Nishnawbe Aski Nation

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Governance and NAN

First Nation Governance & Inherent Right

First Nation Governance is a path of self-determination.  Nishnawbe Aski Nation (NAN) is walking that path.  NAN has undertaken a series of initiatives aimed at giving its First Nations more control over the matters that affect them.  The goal of these First Nation Governance strategies is to strengthening and empower all the First Nations of NAN.

First Nation Governance is based on Aboriginal peoples' inherent right to self-determination.  The inherent right was given by the Creator and has always existed.  First Nation Governance is rooted in the principles of sovereignty, Aboriginal rights and treaty rights.   First Nation Governance is articulated in the NAN Declaration Of Rights And Principles.

 

  1. THE RIGHT TO SELF-GOVERNMENT.
  2. THE RIGHT TO RECIEVE COMPENSATION FOR OUR EXPLOITED NATURAL RESOURCES.
  3. THE RIGHT TO RECIEVE COMPENSATION FOR THE DESTRUCTION AND ABROGATION OF OUR HUNTING AND FISHING RIGHTS
  4. THE RIGHT TO RE-NEGOTIATE OUR TREATY.
  5. THE RIGHT TO NEGOTIATE WITH THE ELECTED GOVERNMENTS OF YOUR SOCIETY THROUGH APPROPRIATE LEVELS OF REPRESENTATION.
  6. THE RIGHT TO APPROACH THE JUDICIAL, GOVERNMENTAL AND BUSINESS INSTITUTIONS OF YOUR SOCIETY IN OUR QUEST FOR SELF-DETERMINATION AND LOCAL CONTROL.
  7. THE RIGHT OF OUR ELECTED CHIEFS TO DEAL WITH YOUR SOCIETY'S ELECTED CABINETS ON AN EQUAL BASIS.
  8. THE RIGHT TO APPROACH OTHER WORLD NATIONS TO FURTHER THE AIMS OF THE CREE AND OJIBWAY NATIONS OF TREATY #9.
  9. THE RIGHT TO USE EVERY NECESSARY ALTERNATIVE TO FURTHER THE CAUSE OF OUR PEOPLE.
  10. THE RIGHT TO USE ALL THAT THE CREATOR HAS GIVEN US TO HELP ALL OF MANKIND.

An excerpt from:  A Declaration of Nishnawbe-Aski, July 6, 1977

 

First Nation People have the inherent right to determine how they will govern themselves.  This means that Aboriginal people have the right to make decisions about their lives and communities.  The Creator gave this right to the people.  No other government can take away the Inherent Right.  However, the ability of First Nations to govern themselves effectively and exercise their inherent right has been steadily eroded since the Europeans arrived here.  Government policies, laws and colonialism have devastated Aboriginal cultures and traditions.  Legislation called the Indian Act has had a significant impact on First Nations' ability to control their own affairs.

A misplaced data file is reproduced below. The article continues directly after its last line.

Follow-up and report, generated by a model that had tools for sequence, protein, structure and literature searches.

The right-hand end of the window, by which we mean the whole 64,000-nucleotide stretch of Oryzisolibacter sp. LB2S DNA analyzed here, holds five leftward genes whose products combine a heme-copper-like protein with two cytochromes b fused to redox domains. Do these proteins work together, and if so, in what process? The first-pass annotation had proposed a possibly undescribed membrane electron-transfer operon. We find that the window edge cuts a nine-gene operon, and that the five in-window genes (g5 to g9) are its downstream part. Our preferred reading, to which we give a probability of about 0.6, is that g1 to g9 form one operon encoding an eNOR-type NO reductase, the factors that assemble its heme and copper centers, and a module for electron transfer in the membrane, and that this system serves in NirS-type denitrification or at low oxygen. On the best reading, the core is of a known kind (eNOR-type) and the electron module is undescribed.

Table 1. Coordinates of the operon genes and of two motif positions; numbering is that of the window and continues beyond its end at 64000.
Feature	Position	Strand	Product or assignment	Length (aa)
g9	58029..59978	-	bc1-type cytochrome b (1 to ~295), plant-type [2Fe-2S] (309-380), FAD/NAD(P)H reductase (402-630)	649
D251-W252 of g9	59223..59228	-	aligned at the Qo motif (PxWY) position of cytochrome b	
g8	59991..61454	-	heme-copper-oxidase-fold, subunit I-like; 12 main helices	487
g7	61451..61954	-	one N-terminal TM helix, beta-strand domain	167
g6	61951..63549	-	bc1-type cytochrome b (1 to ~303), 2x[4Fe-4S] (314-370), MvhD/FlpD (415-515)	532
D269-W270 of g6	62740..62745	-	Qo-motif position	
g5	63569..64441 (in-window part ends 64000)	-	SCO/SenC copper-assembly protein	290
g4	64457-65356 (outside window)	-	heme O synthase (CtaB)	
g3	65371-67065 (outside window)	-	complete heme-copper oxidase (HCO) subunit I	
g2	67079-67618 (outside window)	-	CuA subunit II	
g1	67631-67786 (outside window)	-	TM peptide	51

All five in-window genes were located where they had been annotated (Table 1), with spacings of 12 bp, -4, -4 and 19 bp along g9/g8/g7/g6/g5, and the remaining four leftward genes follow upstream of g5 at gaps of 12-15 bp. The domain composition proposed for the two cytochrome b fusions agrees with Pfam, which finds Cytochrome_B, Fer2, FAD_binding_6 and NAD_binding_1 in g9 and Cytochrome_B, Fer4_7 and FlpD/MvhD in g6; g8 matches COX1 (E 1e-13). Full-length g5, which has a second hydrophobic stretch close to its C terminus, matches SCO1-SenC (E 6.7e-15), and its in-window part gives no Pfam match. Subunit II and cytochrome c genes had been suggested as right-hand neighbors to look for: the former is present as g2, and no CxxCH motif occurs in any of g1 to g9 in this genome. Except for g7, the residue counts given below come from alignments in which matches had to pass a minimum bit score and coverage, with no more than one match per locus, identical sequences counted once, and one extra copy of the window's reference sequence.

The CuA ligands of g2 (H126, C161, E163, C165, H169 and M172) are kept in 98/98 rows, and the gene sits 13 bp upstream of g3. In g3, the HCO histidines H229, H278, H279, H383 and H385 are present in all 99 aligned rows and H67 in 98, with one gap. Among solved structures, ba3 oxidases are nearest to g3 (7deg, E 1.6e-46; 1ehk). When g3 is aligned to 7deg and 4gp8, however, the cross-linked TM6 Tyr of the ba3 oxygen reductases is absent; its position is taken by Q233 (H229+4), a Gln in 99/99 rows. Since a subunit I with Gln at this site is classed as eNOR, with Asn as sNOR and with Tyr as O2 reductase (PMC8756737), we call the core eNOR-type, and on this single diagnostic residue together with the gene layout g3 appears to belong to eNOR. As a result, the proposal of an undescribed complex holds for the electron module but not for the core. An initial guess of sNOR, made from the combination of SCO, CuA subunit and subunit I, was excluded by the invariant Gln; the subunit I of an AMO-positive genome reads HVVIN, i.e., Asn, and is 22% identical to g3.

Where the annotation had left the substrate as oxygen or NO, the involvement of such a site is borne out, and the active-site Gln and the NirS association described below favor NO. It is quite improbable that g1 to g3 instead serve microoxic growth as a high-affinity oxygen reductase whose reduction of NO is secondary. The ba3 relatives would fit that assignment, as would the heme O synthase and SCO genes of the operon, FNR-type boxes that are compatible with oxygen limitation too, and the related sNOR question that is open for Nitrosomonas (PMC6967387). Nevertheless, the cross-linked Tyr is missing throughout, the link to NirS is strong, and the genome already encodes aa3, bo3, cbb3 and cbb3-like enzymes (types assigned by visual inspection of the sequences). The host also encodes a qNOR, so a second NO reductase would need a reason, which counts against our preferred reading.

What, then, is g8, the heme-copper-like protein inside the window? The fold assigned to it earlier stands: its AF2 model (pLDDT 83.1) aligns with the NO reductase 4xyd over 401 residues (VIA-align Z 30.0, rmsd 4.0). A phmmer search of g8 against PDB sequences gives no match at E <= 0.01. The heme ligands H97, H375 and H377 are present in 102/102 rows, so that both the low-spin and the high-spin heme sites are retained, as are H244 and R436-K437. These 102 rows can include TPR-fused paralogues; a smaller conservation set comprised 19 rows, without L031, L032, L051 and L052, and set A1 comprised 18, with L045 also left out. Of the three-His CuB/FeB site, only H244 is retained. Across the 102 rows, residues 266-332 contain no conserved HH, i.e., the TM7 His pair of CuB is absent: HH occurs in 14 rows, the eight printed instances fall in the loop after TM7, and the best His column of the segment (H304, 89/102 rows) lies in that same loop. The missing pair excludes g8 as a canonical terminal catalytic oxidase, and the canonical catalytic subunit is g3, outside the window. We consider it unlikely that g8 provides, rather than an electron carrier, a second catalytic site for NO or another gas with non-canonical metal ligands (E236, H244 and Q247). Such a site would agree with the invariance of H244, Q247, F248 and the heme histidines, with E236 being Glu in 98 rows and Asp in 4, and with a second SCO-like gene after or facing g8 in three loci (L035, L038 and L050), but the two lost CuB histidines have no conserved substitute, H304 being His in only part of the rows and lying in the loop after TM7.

"In order to regain our freedom we must establish our own control, and return to our traditional philosophy of life." - Excerpt from the NAN Declaration of Principles and Rights, July 6, 1977.

The Mandate For Nation-Building At Nishnawbe Aski Nation

The Self-Governance Sectoral Negotiation Process Goal   

In 1997 the Nishnawbe Aski Nation Chiefs-In-Assembly mandated, by Resolution 97-03 - Self Government Proposal, the NAN Executive to enter into a sectoral negotiation process with Canada to:

  • Establish and carry out negotiations on behalf of the First Nations of NAN with the Government of Canada under the federal Inherent Right Policy;
  • Negotiate jurisdiction in several areas including, but not limited to, governance, education, justice, economic development, social services and health.  Currently NAN is negotiating in two areas Governance and Education jurisdiction.  Other sectors to be negotiated could be added later.

The goal of the sectoral negotiation process is to achieve self-governance agreements in areas that affect the lives of the members of the First Nations of NAN.  Through this process the First Nations of NAN can create a vision for how they wish their communities to be governed and how they would like their education systems to work.  The sectoral negotiation process is one way for NAN First Nations to exercise their inherent right to self-governance and to regain jurisdiction over matters that are integral to their communities.

It is also important to understand that First Nations are not making a commitment to exercise self-governance just by participating in this process.  Each NAN First Nation will decide for itself whether it wishes to remain under the Indian Act or be governed by the self-governance agreements negotiated.  Any First Nation can take part in the entire sectoral negotiations process and still decide at the end whether they want to sign the Final Agreement or not.


The Self-Governance Sectoral Negotiation Process Direction

The governance negotiations are co-directed by two steering committees and by the NAN Executive Council.  The Governance Steering Committee and Education Jurisdiction Steering Committee are made up of representatives from each of the NAN Tribal Councils and Independent First Nations.  The Steering Committees meet regularly with the Negotiating Team and with the NAN Governance Secretariat.

Since 2000, each of the NAN Tribal Councils have engaged Regional Governance Coordinators or RGCs, (formally Community Research Coordinators or CRCs) to supported the process
The Governance Secretariat supports the RGCs, the negotiating team and the Steering Committees by doing research, the collection of data from NAN First Nations, creating materials, coordinating negotiator and committee meetings, providing RGC training, and providing communications.  As coordinated by the RGCs, members of the Governance Secretariat have been travelling to NAN First Nations to hold information sessions to create awareness about the governance process and to gather vital information to be used during the negotiations.